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vi. MA Stiller-Reeve, C Heuzé, WT Ball, RH White, G Messori, K van der Wiel, I Medhaug, AH Eckes, A O'Callaghan, MJ Newland, SR Williams, M Kasoar, HE Wittmeier and V Kumer (2016): Improving together: better science writing through peer learning. Hydrology and Earth System Science, 20, pp. 2965-2973.

+ abstract (EN)           > pdf

v. K van der Wiel, AJ Matthews, MM Joshi, DP Stevens (2016): The influence of diabatic heating in the South Pacific Convergence Zone on Rossby wave propagation and the mean flow. Quarterly Journal of the Royal Meteorological Society, 142, pp. 901-910.

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iv. K van der Wiel, AJ Matthews, MM Joshi, DP Stevens (2016): Why the South Pacific Convergence Zone is diagonal. Climate Dynamics, 46, pp. 1683-1698.

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iii. K van der Wiel, AJ Matthews, DP Stevens, MM Joshi (2015): A dynamical framework for the origin of the diagonal South Pacific and South Atlantic Convergence Zones. Quarterly Journal of the Royal Meteorological Society, 141, pp. 1997-2010. Featured article.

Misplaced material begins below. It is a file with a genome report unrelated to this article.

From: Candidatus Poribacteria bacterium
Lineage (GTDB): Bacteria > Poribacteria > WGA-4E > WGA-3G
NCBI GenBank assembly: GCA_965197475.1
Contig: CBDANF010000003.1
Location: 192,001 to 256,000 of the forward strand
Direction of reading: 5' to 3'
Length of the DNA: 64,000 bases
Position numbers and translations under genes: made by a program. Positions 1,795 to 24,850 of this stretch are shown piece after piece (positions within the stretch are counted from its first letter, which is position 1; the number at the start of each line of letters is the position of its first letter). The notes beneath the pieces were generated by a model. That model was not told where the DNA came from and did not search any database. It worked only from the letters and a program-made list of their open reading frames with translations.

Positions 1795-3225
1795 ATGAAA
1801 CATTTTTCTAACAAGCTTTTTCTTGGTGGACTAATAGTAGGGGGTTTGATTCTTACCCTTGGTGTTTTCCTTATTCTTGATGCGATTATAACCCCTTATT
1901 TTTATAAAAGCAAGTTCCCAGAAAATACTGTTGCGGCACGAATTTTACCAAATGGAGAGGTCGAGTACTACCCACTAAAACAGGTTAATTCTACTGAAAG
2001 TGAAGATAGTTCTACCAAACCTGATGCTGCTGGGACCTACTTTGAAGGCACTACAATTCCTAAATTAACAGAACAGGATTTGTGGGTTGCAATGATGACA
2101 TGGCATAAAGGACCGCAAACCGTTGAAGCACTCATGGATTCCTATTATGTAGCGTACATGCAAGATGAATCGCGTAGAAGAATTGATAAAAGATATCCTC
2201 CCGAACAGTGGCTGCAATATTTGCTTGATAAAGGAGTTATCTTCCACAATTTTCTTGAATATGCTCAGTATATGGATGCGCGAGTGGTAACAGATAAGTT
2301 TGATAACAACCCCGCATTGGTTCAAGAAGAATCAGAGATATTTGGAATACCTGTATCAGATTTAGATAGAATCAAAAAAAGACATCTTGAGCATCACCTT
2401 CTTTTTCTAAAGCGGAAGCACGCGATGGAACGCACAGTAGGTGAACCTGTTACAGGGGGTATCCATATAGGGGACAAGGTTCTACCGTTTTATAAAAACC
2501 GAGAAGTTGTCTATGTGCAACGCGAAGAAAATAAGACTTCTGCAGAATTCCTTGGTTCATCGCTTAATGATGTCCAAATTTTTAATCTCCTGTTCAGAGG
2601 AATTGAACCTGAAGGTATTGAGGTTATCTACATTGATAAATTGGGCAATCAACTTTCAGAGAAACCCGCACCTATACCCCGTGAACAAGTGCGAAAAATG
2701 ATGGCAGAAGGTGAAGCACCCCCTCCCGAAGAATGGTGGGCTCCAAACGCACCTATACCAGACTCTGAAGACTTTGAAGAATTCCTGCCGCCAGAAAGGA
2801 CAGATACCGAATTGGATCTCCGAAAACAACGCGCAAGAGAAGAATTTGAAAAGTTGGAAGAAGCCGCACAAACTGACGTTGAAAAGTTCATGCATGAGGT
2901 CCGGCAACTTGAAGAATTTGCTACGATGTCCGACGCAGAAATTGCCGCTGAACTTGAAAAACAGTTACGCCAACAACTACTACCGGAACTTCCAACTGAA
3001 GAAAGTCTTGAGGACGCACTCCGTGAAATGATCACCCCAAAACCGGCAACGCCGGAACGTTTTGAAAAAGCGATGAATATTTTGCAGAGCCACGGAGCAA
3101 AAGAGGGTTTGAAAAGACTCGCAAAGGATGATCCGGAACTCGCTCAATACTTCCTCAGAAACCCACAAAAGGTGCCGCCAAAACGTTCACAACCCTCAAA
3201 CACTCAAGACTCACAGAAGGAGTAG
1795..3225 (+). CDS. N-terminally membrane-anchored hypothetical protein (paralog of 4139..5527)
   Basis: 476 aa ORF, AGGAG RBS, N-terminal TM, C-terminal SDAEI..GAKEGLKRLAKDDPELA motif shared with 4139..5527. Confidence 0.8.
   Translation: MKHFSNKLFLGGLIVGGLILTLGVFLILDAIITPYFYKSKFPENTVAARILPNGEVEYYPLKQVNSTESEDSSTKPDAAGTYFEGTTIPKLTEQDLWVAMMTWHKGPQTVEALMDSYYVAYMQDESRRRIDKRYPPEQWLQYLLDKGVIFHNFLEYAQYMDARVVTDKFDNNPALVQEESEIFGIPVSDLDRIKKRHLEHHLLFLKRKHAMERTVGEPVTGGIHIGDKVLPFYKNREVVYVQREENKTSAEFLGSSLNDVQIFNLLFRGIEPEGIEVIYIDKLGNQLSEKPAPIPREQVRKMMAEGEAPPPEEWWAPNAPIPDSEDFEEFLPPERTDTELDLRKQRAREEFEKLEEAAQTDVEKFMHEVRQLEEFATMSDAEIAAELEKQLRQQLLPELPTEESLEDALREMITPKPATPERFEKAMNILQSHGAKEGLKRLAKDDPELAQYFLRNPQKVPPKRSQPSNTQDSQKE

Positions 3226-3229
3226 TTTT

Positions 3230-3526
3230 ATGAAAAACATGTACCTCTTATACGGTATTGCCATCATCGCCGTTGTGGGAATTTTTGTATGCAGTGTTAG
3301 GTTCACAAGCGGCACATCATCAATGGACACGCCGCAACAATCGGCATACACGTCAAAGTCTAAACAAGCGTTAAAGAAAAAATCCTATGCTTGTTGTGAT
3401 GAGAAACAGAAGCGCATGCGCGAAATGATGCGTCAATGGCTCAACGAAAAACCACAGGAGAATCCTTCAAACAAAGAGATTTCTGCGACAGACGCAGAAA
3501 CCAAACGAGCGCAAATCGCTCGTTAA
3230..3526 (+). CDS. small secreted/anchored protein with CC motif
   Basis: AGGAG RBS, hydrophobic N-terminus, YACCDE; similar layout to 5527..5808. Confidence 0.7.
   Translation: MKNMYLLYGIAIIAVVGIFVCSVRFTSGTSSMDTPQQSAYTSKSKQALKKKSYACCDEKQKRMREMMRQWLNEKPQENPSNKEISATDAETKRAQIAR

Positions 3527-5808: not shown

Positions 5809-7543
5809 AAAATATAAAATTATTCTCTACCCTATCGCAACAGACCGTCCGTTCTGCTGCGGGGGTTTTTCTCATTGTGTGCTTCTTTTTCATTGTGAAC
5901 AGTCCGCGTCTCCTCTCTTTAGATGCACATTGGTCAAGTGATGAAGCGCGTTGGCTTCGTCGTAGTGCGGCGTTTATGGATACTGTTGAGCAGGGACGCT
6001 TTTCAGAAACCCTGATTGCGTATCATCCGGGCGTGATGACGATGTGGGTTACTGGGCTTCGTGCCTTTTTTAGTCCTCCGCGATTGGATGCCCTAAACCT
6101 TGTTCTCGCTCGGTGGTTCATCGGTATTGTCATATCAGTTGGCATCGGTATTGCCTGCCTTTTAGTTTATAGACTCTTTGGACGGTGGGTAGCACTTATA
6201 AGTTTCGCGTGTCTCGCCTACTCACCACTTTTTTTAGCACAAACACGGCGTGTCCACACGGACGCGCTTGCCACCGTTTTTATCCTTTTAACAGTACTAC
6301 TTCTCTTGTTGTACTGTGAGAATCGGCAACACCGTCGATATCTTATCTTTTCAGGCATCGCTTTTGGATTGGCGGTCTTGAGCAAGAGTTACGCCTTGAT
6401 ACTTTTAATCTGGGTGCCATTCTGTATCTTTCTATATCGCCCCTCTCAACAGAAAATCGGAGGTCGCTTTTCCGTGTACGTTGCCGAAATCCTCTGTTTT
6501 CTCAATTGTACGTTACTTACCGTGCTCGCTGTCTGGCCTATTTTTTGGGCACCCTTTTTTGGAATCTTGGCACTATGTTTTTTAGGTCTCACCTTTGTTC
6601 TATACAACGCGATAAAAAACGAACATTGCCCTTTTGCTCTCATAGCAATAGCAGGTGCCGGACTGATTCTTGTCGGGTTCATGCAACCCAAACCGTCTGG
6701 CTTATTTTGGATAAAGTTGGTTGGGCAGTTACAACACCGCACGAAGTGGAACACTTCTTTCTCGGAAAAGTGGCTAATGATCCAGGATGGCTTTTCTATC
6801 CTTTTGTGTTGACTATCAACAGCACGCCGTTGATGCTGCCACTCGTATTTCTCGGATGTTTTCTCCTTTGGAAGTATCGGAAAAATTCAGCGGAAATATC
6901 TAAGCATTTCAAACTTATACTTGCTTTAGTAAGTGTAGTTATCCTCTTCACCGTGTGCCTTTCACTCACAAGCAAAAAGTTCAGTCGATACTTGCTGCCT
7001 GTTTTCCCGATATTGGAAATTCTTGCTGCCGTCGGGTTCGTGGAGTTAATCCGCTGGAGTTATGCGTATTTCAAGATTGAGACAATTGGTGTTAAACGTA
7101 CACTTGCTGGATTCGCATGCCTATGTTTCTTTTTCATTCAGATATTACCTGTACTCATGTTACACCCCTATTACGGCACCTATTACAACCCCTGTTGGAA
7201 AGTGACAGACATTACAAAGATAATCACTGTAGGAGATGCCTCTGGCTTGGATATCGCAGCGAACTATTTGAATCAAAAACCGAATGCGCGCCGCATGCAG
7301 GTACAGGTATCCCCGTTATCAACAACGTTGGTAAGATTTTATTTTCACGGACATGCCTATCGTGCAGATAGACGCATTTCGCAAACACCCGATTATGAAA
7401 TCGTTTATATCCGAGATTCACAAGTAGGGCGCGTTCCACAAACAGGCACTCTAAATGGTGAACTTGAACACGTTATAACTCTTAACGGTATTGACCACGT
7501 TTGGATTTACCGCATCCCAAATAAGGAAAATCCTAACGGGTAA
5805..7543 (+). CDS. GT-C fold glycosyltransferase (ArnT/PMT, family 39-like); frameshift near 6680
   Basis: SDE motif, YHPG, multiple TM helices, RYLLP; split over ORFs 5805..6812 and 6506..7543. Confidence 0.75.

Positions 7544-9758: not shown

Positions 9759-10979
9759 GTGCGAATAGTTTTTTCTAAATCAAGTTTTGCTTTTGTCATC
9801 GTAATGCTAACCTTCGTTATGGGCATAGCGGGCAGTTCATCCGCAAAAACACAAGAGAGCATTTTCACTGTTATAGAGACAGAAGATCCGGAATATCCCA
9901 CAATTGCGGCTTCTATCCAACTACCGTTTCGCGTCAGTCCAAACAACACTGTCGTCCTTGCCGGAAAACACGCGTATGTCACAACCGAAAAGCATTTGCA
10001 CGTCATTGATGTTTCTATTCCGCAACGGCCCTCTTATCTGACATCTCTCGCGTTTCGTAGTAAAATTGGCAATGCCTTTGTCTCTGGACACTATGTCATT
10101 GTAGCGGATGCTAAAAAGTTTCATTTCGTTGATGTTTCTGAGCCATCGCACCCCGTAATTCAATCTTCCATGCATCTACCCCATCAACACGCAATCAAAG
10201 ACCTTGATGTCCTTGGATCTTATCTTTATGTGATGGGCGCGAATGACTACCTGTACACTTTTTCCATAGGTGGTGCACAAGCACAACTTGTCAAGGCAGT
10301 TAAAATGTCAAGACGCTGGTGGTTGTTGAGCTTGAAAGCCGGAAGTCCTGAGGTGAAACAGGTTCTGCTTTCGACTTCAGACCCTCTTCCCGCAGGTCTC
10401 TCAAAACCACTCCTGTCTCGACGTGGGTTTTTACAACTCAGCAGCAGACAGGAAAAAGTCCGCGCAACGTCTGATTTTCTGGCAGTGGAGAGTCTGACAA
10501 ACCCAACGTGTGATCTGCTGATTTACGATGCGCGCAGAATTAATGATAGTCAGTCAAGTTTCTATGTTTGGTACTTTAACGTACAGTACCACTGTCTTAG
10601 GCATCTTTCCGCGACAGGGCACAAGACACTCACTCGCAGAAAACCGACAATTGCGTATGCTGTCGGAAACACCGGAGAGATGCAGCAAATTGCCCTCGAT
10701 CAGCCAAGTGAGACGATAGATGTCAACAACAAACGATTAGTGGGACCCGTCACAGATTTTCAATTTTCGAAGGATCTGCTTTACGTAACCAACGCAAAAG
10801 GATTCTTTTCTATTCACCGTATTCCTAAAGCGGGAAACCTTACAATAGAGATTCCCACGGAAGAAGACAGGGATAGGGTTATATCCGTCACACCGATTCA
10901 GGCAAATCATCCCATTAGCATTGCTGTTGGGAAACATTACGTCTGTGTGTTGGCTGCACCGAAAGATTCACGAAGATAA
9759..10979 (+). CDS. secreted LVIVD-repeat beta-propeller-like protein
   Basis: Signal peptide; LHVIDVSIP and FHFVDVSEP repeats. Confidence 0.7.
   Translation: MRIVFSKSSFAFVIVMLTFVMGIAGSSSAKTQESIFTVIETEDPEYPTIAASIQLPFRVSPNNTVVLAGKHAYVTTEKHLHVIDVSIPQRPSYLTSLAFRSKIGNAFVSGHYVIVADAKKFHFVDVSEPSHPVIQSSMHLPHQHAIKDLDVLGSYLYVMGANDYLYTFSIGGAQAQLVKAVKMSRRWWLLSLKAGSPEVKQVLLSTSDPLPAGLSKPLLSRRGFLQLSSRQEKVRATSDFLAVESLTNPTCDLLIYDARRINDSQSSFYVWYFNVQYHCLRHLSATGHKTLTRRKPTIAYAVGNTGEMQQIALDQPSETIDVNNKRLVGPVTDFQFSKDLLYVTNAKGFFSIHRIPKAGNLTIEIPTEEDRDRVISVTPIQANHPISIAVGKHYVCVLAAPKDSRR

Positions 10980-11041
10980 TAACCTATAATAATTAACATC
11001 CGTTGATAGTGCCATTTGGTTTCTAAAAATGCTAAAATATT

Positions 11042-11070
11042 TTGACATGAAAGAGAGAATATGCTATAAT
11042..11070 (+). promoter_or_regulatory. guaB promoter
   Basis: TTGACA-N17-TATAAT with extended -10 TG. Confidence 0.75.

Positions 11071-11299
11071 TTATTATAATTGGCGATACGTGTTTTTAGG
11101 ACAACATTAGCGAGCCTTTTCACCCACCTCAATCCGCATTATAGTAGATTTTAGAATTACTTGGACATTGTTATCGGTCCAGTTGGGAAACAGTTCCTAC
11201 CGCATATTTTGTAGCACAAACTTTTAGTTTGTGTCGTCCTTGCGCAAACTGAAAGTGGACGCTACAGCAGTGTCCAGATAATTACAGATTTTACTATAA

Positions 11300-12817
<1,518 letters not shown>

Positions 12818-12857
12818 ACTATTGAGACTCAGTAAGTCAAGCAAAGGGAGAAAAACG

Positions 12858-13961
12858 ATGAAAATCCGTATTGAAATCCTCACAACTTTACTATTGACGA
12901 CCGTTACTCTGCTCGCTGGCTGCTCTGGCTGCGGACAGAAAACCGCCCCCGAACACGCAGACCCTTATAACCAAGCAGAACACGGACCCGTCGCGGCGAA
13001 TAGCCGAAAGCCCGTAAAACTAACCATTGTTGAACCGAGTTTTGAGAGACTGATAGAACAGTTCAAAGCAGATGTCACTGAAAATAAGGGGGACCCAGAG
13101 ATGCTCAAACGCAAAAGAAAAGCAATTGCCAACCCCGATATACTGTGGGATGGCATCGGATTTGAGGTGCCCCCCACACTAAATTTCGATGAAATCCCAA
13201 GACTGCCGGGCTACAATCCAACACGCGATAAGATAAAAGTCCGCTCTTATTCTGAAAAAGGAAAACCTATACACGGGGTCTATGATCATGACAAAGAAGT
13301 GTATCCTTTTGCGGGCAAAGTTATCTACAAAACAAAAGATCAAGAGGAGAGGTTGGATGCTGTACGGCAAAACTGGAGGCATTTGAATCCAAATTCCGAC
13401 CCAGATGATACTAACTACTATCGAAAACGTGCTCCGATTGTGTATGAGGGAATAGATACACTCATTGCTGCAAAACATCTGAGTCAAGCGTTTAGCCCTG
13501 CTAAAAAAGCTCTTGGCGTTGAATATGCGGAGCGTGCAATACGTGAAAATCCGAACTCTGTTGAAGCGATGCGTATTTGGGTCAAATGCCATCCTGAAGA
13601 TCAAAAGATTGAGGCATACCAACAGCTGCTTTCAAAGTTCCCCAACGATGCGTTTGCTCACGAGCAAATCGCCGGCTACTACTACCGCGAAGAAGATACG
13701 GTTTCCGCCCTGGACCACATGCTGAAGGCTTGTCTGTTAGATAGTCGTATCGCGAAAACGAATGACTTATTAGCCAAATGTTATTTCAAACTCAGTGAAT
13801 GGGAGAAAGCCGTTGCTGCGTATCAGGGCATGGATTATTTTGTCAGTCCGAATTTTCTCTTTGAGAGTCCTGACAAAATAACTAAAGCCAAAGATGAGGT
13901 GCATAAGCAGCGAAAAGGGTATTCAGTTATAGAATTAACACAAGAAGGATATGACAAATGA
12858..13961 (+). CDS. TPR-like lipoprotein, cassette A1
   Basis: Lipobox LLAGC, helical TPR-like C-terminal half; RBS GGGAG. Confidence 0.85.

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ii. MM Joshi, M Stringer, K van der Wiel, A O'Callaghan, S Fueglistaler (2015): IGCM4: A fast, parallel and flexible intermediate climate model. Geoscientific Model Development, 8, pp. 1157-1167.

+ abstract (EN)           > pdf

i. W Hazeleger, X Wang, C Severijns, S Ştefănescu, R Bintanja, A Sterl, K Wyser, T Semmler, S Yang, B van den Hurk, T van Noije, E van der Linden, K van der Wiel (2012): EC-Earth V2.2: description and validation of a new seamless earth system prediction model. Climate Dynamics, 39, pp. 2611-2629.

+ abstract (EN)

+ Meer publicaties

Curriculum Vitae

Een pdf-versie van mijn C.V. is hier beschikbaar.

Contact

Dr. ir. Karin van der Wiel
Koninklijk Nederlands Meteorologisch Instituut
Postbus 201
3730 AE De Bilt

Telefoon: (030) 2206 783
E-mail: wiel@knmi.nl

Google Scholar: lijst van publicaties
ResearchGate: persoonlijk profiel
Twitter: karin_vdwiel